Hope you’ve been taking care of yourself. The A. Lange & Söhne 1815 Rattrapante Perpetual Calendar ($189,000 in rose gold, $213,000 in platinum) won’t need to be corrected until the year 2100 (only one in four century years is a leap year — 2100 is not). That’s 87 years of being entirely correct; not even your better half can beat that. We break it down.
It Was the Best of Times
Nothing helps shake off the doldrums of mid-winter like a visit to Geneva for the annual Salon International Haute Horlogerie. For the uninformed, SIHH is the watch trade show put on by the watch brands under the Richemont Group umbrella and some of their friends. Familiar names like IWC, Jaeger-LeCoultre and Panerai set up shop next to lesser known watchmakers like Parmigiani and Gruebel-Forsey in the grand confines of the Palexpo convention center. We asked Gear Patrol’s Timekeeping writers to weigh in on what impressed them the most from this year’s crop of timepieces. Their picks vary from the classic to the outrageous (see the Tourbillon Yohan Blake, below), and together they represent a great range of SIHH 2013.
The watch company that came in from the cold
Gear Patrol’s Jason Heaton travels to Saxony, home of A. Lange & Söhne, to explore the region, experience the watchmaker and learn its storied history. Read on for our short film, photo essay and his story — filled with snowy drives, German culture, precision watchmaking and an incredible company that came out of the cold.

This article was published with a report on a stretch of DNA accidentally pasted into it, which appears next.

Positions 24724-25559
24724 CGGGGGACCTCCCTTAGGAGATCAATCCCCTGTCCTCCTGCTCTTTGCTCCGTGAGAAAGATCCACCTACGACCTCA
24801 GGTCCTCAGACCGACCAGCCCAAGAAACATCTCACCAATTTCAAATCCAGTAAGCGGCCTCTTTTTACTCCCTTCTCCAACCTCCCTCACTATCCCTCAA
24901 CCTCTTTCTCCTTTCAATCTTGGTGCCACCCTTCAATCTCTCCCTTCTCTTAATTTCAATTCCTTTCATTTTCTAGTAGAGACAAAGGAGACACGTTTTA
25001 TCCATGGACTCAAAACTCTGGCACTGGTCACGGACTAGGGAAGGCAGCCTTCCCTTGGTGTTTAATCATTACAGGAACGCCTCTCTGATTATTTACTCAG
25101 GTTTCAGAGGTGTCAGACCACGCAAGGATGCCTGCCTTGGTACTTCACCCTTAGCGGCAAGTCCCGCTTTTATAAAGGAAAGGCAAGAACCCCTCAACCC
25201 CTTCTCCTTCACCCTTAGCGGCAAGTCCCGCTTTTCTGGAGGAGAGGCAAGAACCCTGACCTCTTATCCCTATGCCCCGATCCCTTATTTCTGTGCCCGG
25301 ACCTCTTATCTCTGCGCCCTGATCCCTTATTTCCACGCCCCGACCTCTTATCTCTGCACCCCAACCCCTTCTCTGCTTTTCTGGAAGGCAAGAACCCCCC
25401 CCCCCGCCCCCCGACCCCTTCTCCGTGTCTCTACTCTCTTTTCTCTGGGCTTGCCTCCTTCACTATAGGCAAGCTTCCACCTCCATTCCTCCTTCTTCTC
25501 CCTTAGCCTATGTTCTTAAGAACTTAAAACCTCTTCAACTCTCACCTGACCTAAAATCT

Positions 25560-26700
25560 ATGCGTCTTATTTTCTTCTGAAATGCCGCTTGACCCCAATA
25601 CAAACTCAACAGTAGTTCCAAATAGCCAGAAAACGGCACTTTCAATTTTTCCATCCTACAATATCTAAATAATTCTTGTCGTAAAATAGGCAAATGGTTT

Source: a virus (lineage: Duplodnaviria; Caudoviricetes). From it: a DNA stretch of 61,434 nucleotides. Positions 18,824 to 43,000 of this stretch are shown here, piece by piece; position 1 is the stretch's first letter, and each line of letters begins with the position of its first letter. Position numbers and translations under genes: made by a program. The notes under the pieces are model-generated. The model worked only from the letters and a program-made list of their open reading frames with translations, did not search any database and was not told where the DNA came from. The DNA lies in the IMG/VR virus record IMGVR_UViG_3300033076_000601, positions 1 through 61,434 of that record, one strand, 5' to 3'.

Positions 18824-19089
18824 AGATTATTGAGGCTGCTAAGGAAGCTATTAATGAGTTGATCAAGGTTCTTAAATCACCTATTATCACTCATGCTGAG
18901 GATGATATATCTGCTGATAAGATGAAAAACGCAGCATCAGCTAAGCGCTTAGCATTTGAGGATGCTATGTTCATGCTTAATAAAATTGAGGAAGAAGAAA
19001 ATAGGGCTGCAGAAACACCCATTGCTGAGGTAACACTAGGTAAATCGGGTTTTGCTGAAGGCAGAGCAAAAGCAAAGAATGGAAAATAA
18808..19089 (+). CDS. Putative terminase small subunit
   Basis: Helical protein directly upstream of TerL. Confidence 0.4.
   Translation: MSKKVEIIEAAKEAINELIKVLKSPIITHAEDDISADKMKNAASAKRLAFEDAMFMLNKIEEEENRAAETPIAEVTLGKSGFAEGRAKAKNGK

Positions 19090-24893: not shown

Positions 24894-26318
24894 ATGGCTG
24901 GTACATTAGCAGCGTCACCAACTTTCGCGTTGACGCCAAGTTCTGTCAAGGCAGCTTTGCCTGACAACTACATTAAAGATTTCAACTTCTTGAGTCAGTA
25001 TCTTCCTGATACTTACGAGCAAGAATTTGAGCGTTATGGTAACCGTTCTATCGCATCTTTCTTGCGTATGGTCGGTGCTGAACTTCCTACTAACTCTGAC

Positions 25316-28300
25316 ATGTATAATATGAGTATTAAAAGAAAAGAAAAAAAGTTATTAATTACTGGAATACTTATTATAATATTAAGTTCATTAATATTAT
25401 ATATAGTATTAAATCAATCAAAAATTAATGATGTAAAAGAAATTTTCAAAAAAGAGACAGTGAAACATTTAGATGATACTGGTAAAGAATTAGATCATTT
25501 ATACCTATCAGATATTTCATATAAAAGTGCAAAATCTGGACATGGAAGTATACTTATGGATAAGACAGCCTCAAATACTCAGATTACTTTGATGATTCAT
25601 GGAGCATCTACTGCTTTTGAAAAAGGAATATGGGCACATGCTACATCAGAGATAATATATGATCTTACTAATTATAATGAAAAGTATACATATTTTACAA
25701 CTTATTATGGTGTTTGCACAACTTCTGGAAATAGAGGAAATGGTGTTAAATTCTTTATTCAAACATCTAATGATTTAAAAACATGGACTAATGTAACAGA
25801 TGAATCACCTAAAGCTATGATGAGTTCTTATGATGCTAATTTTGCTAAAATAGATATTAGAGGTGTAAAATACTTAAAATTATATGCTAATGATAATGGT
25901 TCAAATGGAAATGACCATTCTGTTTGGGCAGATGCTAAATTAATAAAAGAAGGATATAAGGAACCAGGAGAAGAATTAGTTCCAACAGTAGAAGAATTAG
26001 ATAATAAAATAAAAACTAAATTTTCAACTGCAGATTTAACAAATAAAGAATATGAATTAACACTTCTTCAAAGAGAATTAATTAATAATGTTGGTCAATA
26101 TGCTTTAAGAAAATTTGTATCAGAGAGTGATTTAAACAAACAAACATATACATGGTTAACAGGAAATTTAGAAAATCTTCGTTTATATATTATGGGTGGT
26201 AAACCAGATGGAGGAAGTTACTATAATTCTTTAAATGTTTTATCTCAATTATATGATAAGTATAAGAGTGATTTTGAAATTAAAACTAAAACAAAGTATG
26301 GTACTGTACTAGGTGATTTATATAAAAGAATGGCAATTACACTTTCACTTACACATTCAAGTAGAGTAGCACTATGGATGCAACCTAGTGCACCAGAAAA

Christmas came early in Saxony this year, at least for Gear Patrol and a few other journalists who were given a rare sneak preview of one A. Lange & Söhne’s novelty timepieces for 2013. On a snowy night in a villa overlooking the Elbe River in Dresden, Lange CEO Wilhelm Schmid introduced the Grand Lange…
Two years ago, we were invited to visit the Glashütte, Germany workshops of A. Lange & Söhne, and ever since then, we’ve been a fan of the brand. Their understated elegance flies under the radar of all but the timepiece cognoscenti, most of whom shorten the tongue-twister name into simply, “Lange”. Since the brand emerged…
Lighting the Way
When we think of fine watches, our minds automatically shift to thoughts of the quaint villages and alpine vistas of Switzerland, or, increasingly, to Germany’s Glashütte region, where brands like A. Lange & Söhne and Glashütte Original hail. But what of merry old England? Given that some of the most renowned figures in horology have…
Vorsprung durch Technik
Ask the average guy where the best watches in the world are made and he will undoubtedly say, “Switzerland.” After all, most of the recognizable brands like Jaeger-LeCoultre, Vacheron Constantin, Rolex and Patek Philippe hail from that neutral Alpine nation. It is partly the neutrality of Switzerland that has allowed these great names of horology…
The World's Best Watch Company Isn't in Switzerland
While peering through a magnifying lens, counting 184 tiny faces carved on a cherry pit, I started to understand what sets the German watch company, A. Lange & Söhne, apart. I was in the “Green Vault” of the Residenzschloss in Dresden, the historic palace of Saxon royalty, where a staggering collection of opulent knick-knacks is…